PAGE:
Context: Forest area in Tahura R. Soerjo has high moisture level with rainfall 1488 mm3/year, so it provides an optimum condition for ferns growth. Tannin is one of the secondary metabolites that have many benefits; it can be found in various amounts in plant body parts. Aim: The study aims to identify the tannin in three fern genera, namely, Dryopteris, Asplenium, and Davallia that were obtained from Tahura R. Soerjo. Materials and Methods: Both epiphytic (Davallia) and terrestrial (Asplenium and Dryopteris) fern samples were obtained from Taman Hutan Raya Raden Soerjo, Cangar, Batu city in May– August 2015. Powdered fern samples were extracted through maceration method using methanol (1:10). The methanol extract of fern were tested for the tannin presences using phytochemical screening and layer chromatography. Results: Thin-layer chromatography was done to confirm the screening results that indicate the existence of tannin. Phytochemical screening for gallotannin in methanol extracts positive results. All extracts perform a different number of spot and Rf value.Dryopteris and Davallia frond showed reddish-orange spot on the plate, while Dryopteris rhizome,Davallia rhizome,Asplenium frond, and Asplenium rhizome showed greenish brown on the plate.Conclusion: The phytochemical screening including tannin confirmation and thin-layer chromatography showed that all part (frond and rhizome) from Dryopteris,Davallia, and Asplenium contained gallotannin and tannin.
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Does this sarcoidosis case triggered by typhoid fever? A rare case report
Wisam A Yassin, Naghem Farouk Abed, Kifah H Abdul Ghafour, Mohammed Abdulrazzaq Jabbar
May-June 2018, 11(3):100-102
Sarcoidosis is a multisystemic disease that characterized by the presence of nonspecific noncaseating granuloma of undetermined etiology. Its peak incidence was found in patients ᠆ years old. Globally, the disease is more common among Scandinavians and African Americans. In Asia, it is rare and the highest incidence was found in Japan and India. In Iraq, sarcoidosis is a rare disease, but there are no accurate records of its incidence. Mycobacterium spp. and Propionibacterium acnes are the most common triggering infectious agent, and corticosteroids are the standard treatment of choice for symptomatic patients for not ɣ year. In particular, this report presents a rare case of sarcoidosis that developed in an elderly Iraqi female with an unusual presentation. In addition, it has been heralded exceptionally by an acute typhoid fever with a possible correlation. She treated effectively with prednisolone for only 2 months without any complaint for 1½-year duration.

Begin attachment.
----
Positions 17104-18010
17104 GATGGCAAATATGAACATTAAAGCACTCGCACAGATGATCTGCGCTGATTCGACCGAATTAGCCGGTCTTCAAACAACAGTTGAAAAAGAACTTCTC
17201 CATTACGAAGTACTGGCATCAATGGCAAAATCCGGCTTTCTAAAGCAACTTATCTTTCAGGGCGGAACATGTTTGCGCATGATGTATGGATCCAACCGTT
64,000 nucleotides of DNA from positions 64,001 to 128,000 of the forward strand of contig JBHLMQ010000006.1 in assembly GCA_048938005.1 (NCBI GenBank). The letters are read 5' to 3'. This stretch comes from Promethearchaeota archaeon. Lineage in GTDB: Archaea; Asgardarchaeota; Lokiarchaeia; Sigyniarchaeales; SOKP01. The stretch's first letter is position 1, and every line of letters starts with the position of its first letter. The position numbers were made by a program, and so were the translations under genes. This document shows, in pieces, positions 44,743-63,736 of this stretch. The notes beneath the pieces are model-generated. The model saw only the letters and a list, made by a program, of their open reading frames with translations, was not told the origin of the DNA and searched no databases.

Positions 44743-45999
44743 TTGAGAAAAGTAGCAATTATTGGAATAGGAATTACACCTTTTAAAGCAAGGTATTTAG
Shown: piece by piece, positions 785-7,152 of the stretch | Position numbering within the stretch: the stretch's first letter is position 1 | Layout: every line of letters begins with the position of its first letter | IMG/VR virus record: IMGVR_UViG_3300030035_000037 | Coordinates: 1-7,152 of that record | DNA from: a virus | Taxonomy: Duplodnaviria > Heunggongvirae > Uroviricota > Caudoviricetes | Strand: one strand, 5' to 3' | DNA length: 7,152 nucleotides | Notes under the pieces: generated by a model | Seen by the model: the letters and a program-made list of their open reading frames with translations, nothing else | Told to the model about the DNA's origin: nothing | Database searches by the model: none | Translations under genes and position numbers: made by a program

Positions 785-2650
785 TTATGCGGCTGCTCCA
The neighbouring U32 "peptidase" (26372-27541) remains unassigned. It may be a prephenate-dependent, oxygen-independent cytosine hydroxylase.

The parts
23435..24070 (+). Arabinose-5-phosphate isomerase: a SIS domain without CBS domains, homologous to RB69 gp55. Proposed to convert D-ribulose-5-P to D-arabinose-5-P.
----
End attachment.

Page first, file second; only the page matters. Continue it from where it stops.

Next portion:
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Genotyping the human papillomavirus infection in Iranian women referred to Shahid Motahari Hospital, in Urmia, with real-time polymerase chain reaction techniques
Jalhe Bagheri Hamzyan Olia, Mohamad Hasan Khadem Ansari, Parichehreh Yaghmaei, Haleh Ayatollahi, Hamid Reza Khalkhali
May-June 2018, 11(3):78-82
Objective(s): Human papillomavirus (HPV) is in viridae papillomavirus family. These viruses have been classified based on the DNA sequences. At least 120 types of these viruses have been identified. Different types of HPV genotypes are associated with lower genital tract infection. This study aimed to identify the genotypes of HPV that cause vaginal infections in women with infection. Materials and Methods: This cross-sectional study was performed on eighty patients with vaginal infection. Extracting viral DNA was performed automatically using MagCore Nucleic Acid Extractor (made in Taiwan) and MagCor® Viral Nucleic Acid Extraction kit (Cartridge code 202) made by MogCore Co. Taiwan, and genotyping the samples was carried out using the real-time polymerase chain reaction (PCR) technique in the Light Cycler 96 System (made in Germany) and real-quality relative quantification-HPV infection high-risk (HR)/low-risk (LR) Multiplex Kit made by AB Analitica® Co. Italy. Results: Among the 80 samples, 30 people (37.5%) were positive for infection with HPV; evaluating the positive genotypes, it was found that of these, 16 people (53.4%) were infected with LR genotypes of HPV, seven patients (23.3%) were infected with only HR HPV genotype, and seven people (23.3%) were infected with both LR and HR genotypes of HPV (coinfection). Conclusion: Considering that HPV infection is asymptomatic, and it has a high prevalence in Iran, early diagnosis and prevention of progressing the infection can prevent the malignancies of the uterus. Molecular techniques, particularly real-time PCR, are reliable methods for detecting the HPV infection seven with quite low viral loads.